Can My IRA Invest In Real Estate?

Jim Marshall, LLC

Every year I get this question from clients wanting to invest in real estate through their IRA or SEP IRA. While it is not as straight forward as buying stocks, mutual funds or bonds it is doable if the proper steps are followed and adhered to. First you would transfer the existing IRA to a self-directed IRA, your banks and brokerage firms will not handle these type accounts. Then form a dedicated LLC to own the properties, it will have no other business except that of the investments by the IRA.

The taxpayer should not co-mingle his funds with those of the dedicated LLC. This includes mortgages, guarantees, insurance and other indirect enhancements to the LLC or loans or advances by the LLC to the taxpayer or one of his other entities. Therefore, one of the key considerations is does the LLC have sufficient funds to carry the properties without debt? With the current credit environment borrowing from traditional sources without credit backup is difficult.

Consider the costs. This structure would require annual tax returns be filed for the LLC and the Self-directed IRA Trustee would also have an annual fee.

The next question is what type of real estate should I buy. There are basically 3 types to consider,

  • rental properties either residential or commercial,
  • property for construction and then either hold or sell, and
  • rehabs, the fixer uppers to flip when done.

Each of these can have pitfalls but the rental units in a stable market can be the least headaches. In the construction and rehabs the trap is that the taxpayer or one of his entities should not be doing the construction or contract work. The LLC should hire its contractor and subs independent of the taxpayer. This would not preclude the taxpayer individually doing some incidental work on the property without compensation.

For tax purposes the IRS Code requires depreciation on the rental properties and thereby, at least in theory, increasing the long-term capital gain on the sale of the property. Since the funds are those of an IRA there is no benefit from the capital gain and the net proceeds from the sale would be returned to the IRA Trustee. The LLC cannot sell the property to the taxpayer, that would be a prohibited transaction.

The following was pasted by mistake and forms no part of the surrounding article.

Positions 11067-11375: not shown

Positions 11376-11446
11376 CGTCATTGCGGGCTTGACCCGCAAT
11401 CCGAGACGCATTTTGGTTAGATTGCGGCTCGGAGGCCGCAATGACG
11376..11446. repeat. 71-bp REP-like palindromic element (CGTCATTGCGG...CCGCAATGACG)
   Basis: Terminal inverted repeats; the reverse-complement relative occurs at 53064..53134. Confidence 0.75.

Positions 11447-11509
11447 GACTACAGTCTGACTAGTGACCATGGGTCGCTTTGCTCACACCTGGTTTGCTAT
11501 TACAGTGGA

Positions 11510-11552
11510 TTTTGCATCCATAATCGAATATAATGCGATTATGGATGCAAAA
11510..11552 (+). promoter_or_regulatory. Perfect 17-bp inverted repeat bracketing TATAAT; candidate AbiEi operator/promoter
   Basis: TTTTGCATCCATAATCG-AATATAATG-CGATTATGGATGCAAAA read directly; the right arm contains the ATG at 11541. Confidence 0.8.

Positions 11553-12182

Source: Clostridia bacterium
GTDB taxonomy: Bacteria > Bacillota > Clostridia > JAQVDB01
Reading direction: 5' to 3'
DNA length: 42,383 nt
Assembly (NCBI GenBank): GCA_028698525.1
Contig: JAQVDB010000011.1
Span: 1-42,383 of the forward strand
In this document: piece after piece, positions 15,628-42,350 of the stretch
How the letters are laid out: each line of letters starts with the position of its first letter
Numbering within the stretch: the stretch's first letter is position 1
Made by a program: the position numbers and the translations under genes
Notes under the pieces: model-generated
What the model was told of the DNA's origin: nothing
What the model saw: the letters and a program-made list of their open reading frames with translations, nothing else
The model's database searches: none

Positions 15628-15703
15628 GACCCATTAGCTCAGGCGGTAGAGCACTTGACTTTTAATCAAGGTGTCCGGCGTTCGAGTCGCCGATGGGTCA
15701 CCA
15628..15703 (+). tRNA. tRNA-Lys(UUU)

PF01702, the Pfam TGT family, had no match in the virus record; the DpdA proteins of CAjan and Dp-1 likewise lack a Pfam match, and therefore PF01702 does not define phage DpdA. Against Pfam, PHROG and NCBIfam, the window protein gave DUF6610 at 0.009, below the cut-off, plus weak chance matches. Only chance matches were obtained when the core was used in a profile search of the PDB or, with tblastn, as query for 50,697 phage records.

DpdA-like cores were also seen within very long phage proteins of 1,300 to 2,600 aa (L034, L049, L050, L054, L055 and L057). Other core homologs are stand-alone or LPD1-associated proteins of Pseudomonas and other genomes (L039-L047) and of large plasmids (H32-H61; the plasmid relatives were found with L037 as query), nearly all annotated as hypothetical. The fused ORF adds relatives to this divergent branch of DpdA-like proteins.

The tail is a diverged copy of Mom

If you think this process is too much work or to complicated your regular IRA or SEP could by REIT stock, invest in master limited real estate partnerships or private REIT’s.

Jim Marshall

Jim Marshall brings years of experience in tax and audit in a wide range of public and private companies large, medium and small. His experience includes responsibilities for major land acquisitions and dispositions and their structuring including publicly-held banks, savings and loan associations, mortgage bankers, real estate developers, insurance companies, builders and contractors. In addition to a strong background in all phases of tax and audit, Jim is a proven innovator and solution developer on both traditional and nontraditional alternatives.

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4 comments on “Can My IRA Invest In Real Estate?

  • Thanks Jim!
    Similarly, can a self directed IRA invest in high-end cars held for investment purposes?

    • Scott, yes you can, it would be similar to investment by an IRA in Gold, Silver, or other collectibles. The caution would be that you can not benefit from use of the car, or even the real estate discussed earlier. That might trigger the conversion to an IRA distribution and become taxable

  • Great post Scott! As a follow up piece for consideration… what about the 5498 reporting and/or the 5500? Also why are some practitioners advising that taxpayers engaged in this activity file IRS Form 1065? Also FYI – it was not too terribly long ago that this was on the IRS’ list of ‘dirty dozen’ tax scams I believe. They of course have bridled their rhetoric since.

  • John, let me address the forms issues you bring up. 1) Mechanically, once a year the LLC would report the net asset balance to the special purpose trustee and that trustee would report the balance on a for 5498 back to the taxpayer. 2) Since this is an IRA account no 5500 is due, as a side note I have not seen and do not believe that this process would be available for a pension plan or 401-K, but would have to research this further to be sure. 3) The 1065 allows the taxpayer to transact business in the name of the self-directed entity and open bank accounts, pay bills, collect rents. This is usually harder to do as a Trust entity and this would give you an EIN to track transactions and not co-mingle with your personal business.
    If your activity was more passive like holding a vintage auto and then latter selling it this elaborate system may not be necessary.
    As to tax scam I do not recall this ever being on the dirty dozen list especially when controlled by the ultimate beneficiary, the taxpayer.

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